Carbon neutrality roadmap unveiled
 
Korea fleshed out its roadmap to carbon neutrality by 2050.
 
In October, the 2050 Carbon Neutrality Commission introduced two scenarios, including a plan to completely scrap fossil fuel power generation.
 
The government also upped Korea’s 2030 nationally determined contributions (NDC) target. NDCs are pledges on climate action submitted under the 2015 Paris Agreement to reduce greenhouse gas emissions and limit global warming to below 2 degrees Celsius and preferably to 1.5 degrees over pre-industrial levels.
 
Korea’s earlier goal was reducing emissions by 26.3 percent from the country’s peak in 2018. That target was upped to 40 percent.
 
While business lobbyists complained about the targets, some big companies embraced them.
 
Automakers Hyundai Motor and KIA pledged to achieve carbon neutrality in their businesses by 2045. Steelmaker Posco vowed to become carbon neutral by 2050. Korea’s major financial players — KB Financial Group, Shinhan Financial Group, Hana Financial Group and Woori Financial Group — all announced plans to make their investment portfolios carbon neutral by 2050.
 
 


Kospi hits record, then retreats, as retail investors pile in
 
Korea's benchmark Kospi punched through 3,000 points on Jan. 6 as liquidity drove retail investors into the market.  
 
It was the first 3,000 Kospi since the index was adopted in January 1983.  
 
Retail investors were after returns in shares as interest rates hit historic lows and bank deposits and fixed income became far less attractive.
 
They net purchased 22.34 trillion won of Kospi-listed stocks in January, after most shares rebounded sharply in 2020 following the initial Covid-driven plunge early in the year.  
 
Government handouts only made them more enthusiastic about shares, despite institutional and foreign investors being net sellers.  
 
The index hit 3,300 in June, but started to drop due to concerns over Covid-19 variants, inflation and supply-chain disruptions.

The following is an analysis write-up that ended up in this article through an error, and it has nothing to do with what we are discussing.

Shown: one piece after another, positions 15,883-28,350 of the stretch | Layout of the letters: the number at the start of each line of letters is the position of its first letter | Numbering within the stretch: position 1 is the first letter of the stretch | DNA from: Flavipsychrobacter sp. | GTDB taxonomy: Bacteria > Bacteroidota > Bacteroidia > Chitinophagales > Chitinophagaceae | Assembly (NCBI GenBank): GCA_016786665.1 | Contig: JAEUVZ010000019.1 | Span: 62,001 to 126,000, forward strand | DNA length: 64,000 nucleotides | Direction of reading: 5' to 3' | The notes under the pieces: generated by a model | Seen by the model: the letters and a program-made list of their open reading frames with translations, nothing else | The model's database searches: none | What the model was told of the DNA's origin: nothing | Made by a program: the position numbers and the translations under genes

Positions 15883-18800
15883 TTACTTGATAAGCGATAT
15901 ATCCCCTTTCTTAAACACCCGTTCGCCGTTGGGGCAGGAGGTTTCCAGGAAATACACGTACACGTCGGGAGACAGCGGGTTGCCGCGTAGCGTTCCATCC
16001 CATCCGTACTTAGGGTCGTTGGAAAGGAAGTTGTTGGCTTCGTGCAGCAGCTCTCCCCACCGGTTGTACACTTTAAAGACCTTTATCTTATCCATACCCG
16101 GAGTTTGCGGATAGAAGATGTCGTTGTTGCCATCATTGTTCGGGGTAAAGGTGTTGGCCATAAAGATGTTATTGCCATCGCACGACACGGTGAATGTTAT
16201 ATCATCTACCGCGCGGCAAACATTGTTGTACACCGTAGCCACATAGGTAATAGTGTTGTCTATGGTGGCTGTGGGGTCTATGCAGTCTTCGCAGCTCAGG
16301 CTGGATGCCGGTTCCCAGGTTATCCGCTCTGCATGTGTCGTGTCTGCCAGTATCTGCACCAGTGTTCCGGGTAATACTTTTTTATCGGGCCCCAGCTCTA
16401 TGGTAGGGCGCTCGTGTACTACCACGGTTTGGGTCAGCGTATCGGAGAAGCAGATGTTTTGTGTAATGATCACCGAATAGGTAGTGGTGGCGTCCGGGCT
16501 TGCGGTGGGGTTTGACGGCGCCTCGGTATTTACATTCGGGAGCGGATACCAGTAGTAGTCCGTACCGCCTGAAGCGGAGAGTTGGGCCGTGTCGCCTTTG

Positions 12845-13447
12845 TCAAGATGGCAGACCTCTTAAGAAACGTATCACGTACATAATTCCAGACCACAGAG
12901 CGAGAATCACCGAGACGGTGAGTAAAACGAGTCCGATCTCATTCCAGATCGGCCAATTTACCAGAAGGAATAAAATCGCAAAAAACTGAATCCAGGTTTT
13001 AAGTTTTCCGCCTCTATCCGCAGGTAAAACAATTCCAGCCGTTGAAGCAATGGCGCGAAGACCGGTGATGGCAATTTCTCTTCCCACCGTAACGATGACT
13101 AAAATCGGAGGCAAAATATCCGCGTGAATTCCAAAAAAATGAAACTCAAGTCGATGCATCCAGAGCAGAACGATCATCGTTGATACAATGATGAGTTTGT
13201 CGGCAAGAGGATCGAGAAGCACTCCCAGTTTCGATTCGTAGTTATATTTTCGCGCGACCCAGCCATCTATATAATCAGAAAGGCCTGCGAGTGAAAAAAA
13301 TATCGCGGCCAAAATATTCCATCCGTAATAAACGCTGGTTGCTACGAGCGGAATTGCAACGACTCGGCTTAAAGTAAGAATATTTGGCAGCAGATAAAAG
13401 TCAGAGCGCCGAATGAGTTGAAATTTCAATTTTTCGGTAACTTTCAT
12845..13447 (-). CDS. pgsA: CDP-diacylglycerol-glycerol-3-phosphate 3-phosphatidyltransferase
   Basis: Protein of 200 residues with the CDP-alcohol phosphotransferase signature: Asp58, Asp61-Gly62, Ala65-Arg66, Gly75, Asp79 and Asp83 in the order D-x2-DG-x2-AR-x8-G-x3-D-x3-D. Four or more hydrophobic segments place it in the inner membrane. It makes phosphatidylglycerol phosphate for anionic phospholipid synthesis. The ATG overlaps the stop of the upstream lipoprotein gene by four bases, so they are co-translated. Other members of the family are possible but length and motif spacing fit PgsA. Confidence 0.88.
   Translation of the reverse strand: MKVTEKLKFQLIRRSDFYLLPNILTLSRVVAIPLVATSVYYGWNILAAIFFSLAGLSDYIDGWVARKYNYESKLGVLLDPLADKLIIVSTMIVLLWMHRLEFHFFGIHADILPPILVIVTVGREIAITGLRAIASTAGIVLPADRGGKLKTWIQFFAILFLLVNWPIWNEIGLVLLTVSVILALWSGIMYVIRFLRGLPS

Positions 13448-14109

Goldman Sachs cut its Kospi target to 3,350 from the previous 3,700, saying corporate earning would not rise fast enough to justify higher valuations. Morgan Stanley predicted the index would trade between 2,750 and 3,150 points, down from the previous range of 2,800 to 3,200
 
 


Cryptoexchanges face deadline, and few remain 
 
Cryptocurrency exchanges had a tough 2021 as they were required to register with an anti-money laundering monitoring body under the Financial Services Commission (FSC) by Sept. 24, or cease operating in won.  
 
The key issue for exchanges was finding a bank that would issue accounts in the name of actual traders of cryptocurrencies, as real-name accounts are crucial to preventing money laundering. The banks were reluctant to agree to this as they didn't want exposure to customers that might engage in financial crimes or do something that would destabilize an exchange.
 
Only four local cryptocurrency exchanges — Upbit, Bithumb, Korbit and Coinone — were able to reach agreements with banks. Upbit, the country's largest exchange by trading volume, signed with Kbank, while Bithumb and Coinone are working with NongHyup Bank. Korbit reached a deal with Shinhan Bank.
 
Other exchanges have continued to operate without offering crypto-won trades, though they have had to demonstrate a certain level of information security to remain in business. Those lacking this certification have had to close.
 
As of Dec. 23, 42 virtual asset service providers, including exchanges and crypto wallet service providers, had applied for registration. Of those, 29 passed government assessment, five didn't make it and eight canceled their applications.
 
Of those that passed, 24 were exchanges. The four with banking arrangements can offer trades into won, the others cannot.
 
 


Coupang lists on NYSE, jumps and drops
 
Coupang Inc., a Delaware-incorporated e-commerce company, went public on the New York Stock Exchange in March amid the e-commerce boosting pandemic.  
 
The parent of Korea's Coupang Corp. debuted under the ticker CPNG at $35, raising $4.55 billion and valuing the company around $60 billion. That made Coupang one of the 25 largest listings of all time in the United States, by deal size, at the debut.  
 
CPNG rose as high as $69.00, but fell steadily, crashing through the IPO price to a low of $25.06, as the loss-making company continue to report losses: more than $1 billion so far in 2021.